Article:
Digital inclusion, volunteering and cost-effective technology

Our WEA colleagues Steve Stocks and Andria Birch (@infostocksy and @andiabirch) were tweeting yesterday from an event that celebrated “Innovation, Transnationality and Mainstreaming” projects that had been supported by the European Social Fund. Steve was showcasing how people who have been involved in a Digital Activists’ Inclusion Network (DAIN) project are using Raspberry Pi technology for cost-effective digital inclusion.

DAIN is an exciting volunteer project working across the East Midlands. The project has promoted digital inclusion by encouraging people to use technology with the help of volunteers (Digital Activists). DAIN won a NIACE Adult Learners’ Week Award in 2012 and used the associated funding to develop online learning materials for more digital activists to use. They also used the prize money to pay for Raspberry Pi computers for 12 DAIN students who enrolled and completed 9 hours of course content to support their further Pi learning.

The Raspberry Pi is a credit-card sized computer that plugs into a TV and a keyboard. People can use it for many of the things that a desktop PC does, such as spreadsheets, word-processing and games. It also plays high-definition video and is used in education to encourage computer programming.

Andria Birch spreading the word about DAIN

Andria Birch spreading the word about DAIN

Andria , the DAIN project manager, paid tribute to Steve for, “applying huge IT experience and giving back to the local community through DAIN volunteering.” Steve has gone on to become a WEA tutor and started teaching a Raspberry Pi course which started in Nottingham this month. The course had its own twitter hashtag. Other Digital activists have also progressed into more formal teaching, including several who have gone on to work for the WEA.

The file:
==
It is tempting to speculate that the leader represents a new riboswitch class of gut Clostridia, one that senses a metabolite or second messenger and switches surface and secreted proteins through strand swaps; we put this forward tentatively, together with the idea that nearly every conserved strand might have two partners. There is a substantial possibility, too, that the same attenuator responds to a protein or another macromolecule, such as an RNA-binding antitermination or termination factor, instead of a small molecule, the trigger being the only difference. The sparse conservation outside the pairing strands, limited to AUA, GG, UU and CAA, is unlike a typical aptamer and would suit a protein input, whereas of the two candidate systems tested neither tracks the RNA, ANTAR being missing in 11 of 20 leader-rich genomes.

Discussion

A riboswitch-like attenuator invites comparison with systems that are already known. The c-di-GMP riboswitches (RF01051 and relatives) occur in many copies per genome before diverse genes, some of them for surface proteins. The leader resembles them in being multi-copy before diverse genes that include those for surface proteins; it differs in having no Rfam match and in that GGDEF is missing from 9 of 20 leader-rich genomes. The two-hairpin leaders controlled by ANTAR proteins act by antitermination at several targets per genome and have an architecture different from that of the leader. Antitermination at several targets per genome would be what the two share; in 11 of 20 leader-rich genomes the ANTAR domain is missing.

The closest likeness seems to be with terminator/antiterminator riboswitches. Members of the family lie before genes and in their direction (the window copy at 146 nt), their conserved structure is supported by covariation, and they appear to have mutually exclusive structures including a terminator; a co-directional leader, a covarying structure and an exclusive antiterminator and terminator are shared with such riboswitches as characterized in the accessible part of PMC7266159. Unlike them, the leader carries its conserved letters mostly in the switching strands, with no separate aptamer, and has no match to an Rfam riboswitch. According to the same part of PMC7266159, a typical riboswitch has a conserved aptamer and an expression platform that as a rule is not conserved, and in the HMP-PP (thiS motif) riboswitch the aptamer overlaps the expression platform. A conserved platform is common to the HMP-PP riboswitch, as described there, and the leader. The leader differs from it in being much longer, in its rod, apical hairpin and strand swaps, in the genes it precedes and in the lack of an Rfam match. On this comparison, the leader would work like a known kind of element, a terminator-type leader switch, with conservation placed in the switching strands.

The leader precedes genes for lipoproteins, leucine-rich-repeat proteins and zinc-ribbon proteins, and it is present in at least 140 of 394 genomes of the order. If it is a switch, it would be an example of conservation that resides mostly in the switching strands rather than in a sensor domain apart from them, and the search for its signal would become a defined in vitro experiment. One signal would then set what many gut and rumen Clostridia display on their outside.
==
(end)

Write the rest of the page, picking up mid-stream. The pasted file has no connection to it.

Steve Stocks with Mike Attwell (WEA Director for East & West Midlands)

Steve Stocks with Mike Attwell (WEA Director for East & West Midlands)

The first phase of ESF funding is now finished but it’s clear that the work has only just begun. Digital activists in Northamptonshire and Chesterfield have set up new WEA groups for student and volunteers. Nottingham Digital Activists are developing 3 new organisations to support digital inclusion and colleagues are now working on a 5-year digital inclusion strategy and aiming to expand the work and aims of DAIN across the WEA so that more people can cross the digital divide together.

The DAIN project’s web archive is at: http://www.dainproject.org/

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About Ann Walker
Adult education and lifelong learning specialist and campaigner. LinkedIn: http://linkd.in/1GI0QK1

9 Responses to Digital inclusion, volunteering and cost-effective technology

  1. Andria Birch says:

    Thank you for this post Ann, it is great that WEA senior management are so supportive of projects such as DAIN which aim to challenge digital and social exclusion. Yesterday was a very positive and informative event showcasing the range of issues being addressed by the 32 ESF funded ITM (Innovation Transnational and Mainstreaming) projects. It was a great surprise and honour for DAIN to be nominated as one of the 3 projects considered to be most innovative in the programme. Our congratulations go to the MITP DOTs project on their well deserved win. DOTs were able to secure match funding for an extension which has enabled them to go the extra mile with mainstreaming and dissemination and their resources are well worth a look for anyone working in the field of digital inclusion.